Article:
FSU criminology professors receive National Science Foundation grant to examine hate crime reporting

Sylwia Piatkowska Assistant Professor Criminology and Criminal Justice
Sylwia Piatkowska Assistant Professor Criminology and Criminal Justice

A Florida State University research institute has received funding from the National Science Foundation to explore how hate crimes are reported and underreported. 

The Hate Crime Research and Policy Institute at FSU’s College of Criminology and Criminal Justice will receive $236,985 from the NSF over the course of two years to fund research by Assistant Professors of Criminology Sylwia Piatkowska and Brendan Lantz.

“It has long been known that hate crimes are underreported,” Piatkowska said. “With this National Science Foundation grant, we plan to explore the sources, causes and extent of the underreporting, and hopefully provide ways to address those problems in the future.”

While the Hate Crime Statistics Act of 1990 requires the Federal Bureau of Investigation (FBI) to publicly report hate crime statistics, hate crimes are often under-identified,  Piatkowska said. According to the U.S. Department of Justice, there were 8,552 victims of hate crimes in the United States in 2019.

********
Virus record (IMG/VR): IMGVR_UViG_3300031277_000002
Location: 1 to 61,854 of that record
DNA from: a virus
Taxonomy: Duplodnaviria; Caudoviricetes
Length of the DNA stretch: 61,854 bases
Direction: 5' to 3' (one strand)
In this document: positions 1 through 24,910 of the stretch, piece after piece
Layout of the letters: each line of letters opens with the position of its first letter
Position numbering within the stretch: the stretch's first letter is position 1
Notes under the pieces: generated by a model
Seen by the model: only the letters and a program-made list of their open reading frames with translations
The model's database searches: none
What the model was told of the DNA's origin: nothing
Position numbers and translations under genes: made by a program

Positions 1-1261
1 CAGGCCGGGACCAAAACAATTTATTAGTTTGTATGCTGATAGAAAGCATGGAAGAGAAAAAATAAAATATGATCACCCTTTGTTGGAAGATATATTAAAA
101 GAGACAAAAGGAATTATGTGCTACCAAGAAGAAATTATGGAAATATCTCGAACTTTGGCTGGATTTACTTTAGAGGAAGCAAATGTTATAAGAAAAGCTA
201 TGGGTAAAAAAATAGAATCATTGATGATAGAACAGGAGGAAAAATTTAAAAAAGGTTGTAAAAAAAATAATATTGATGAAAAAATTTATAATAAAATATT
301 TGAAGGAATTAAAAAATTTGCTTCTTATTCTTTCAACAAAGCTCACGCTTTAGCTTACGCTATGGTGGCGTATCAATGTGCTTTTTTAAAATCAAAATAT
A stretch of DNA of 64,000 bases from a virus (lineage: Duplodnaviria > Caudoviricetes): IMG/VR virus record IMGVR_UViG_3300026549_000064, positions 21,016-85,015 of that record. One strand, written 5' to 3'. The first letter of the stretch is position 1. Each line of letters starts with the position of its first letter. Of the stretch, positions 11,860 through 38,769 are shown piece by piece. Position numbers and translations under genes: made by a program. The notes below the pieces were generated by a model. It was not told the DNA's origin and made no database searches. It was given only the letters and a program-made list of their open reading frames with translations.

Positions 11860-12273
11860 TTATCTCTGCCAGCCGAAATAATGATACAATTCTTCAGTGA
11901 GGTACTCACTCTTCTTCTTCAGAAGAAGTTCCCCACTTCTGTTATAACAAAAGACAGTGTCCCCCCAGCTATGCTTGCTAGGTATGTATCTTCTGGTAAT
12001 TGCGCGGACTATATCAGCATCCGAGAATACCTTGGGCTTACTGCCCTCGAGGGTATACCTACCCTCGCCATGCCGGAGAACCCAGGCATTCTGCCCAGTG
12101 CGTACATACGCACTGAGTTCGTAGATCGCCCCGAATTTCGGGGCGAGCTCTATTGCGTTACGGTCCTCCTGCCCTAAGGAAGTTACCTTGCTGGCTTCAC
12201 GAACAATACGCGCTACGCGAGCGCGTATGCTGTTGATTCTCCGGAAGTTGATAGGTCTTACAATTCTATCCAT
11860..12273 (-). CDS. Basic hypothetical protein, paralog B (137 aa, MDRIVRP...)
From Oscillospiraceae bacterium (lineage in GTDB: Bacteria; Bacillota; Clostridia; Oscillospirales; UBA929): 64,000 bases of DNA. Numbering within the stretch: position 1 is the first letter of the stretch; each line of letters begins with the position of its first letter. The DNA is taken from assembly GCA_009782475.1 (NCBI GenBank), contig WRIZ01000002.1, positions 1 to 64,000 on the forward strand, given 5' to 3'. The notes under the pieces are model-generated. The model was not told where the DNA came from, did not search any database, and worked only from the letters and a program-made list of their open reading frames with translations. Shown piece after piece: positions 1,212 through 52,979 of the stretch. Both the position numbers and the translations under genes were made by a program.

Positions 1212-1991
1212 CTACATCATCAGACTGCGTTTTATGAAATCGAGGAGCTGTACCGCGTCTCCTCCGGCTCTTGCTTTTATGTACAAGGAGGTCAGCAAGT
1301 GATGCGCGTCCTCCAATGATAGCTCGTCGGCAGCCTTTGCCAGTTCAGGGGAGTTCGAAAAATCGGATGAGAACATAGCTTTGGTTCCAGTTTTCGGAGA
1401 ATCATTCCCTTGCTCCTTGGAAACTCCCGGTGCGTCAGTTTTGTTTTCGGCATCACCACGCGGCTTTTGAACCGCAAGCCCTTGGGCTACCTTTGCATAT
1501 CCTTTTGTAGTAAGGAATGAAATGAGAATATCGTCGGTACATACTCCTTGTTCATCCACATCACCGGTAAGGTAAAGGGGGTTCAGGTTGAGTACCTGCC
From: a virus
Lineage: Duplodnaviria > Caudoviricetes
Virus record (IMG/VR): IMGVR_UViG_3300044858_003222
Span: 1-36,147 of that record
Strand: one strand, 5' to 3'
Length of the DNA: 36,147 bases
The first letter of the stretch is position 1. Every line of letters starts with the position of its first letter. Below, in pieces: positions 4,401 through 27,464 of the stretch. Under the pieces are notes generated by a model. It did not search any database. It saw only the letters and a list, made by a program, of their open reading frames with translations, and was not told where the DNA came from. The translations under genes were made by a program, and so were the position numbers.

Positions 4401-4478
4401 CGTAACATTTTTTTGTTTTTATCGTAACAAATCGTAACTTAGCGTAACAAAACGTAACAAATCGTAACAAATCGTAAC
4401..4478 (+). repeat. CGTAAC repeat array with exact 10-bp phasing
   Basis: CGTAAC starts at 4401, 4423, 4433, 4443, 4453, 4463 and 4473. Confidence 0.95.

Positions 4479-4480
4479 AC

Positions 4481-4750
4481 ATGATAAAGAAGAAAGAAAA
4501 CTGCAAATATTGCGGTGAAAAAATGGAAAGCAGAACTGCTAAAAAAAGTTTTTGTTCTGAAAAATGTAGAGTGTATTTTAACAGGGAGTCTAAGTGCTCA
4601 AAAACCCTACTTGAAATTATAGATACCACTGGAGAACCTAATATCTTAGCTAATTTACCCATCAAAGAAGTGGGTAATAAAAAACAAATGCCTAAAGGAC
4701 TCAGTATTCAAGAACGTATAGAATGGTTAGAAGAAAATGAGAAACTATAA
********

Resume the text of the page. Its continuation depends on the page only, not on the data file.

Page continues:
“The deviation in the nature and extent of hate crime victimization and the underreporting of hate crimes across local communities are areas that are now largely unexplored,” she said.

Findings from the project will aid scholars, policymakers and the public on issues related to hate crimes, including variation in hate crime and reporting, data-collection strategies, better identification of strategies to tend to victims and assessing programs related to hate crime victimization and reporting.

The Hate Crime Research & Policy Institute at Florida State University is committed to advancing research on hate crime offending and bias victimization. The institute examines the ways that hate, bigotry, and extremism influence the victimization of people on the basis of race, ethnicity, religion, gender, gender identity, sexual orientation, disability and other personal characteristics. This includes research related to spatial and community-level influences on hate crime, victim interactions with the criminal justice system, and the impact of public policy on hate crime offending. Hate crimes have increased significantly across the nation in recent years, and the mission of the institute is to (1) conduct research to advance knowledge on hate crime and (2) develop evidence-based recommendations for improving policies related to hate and bias crime.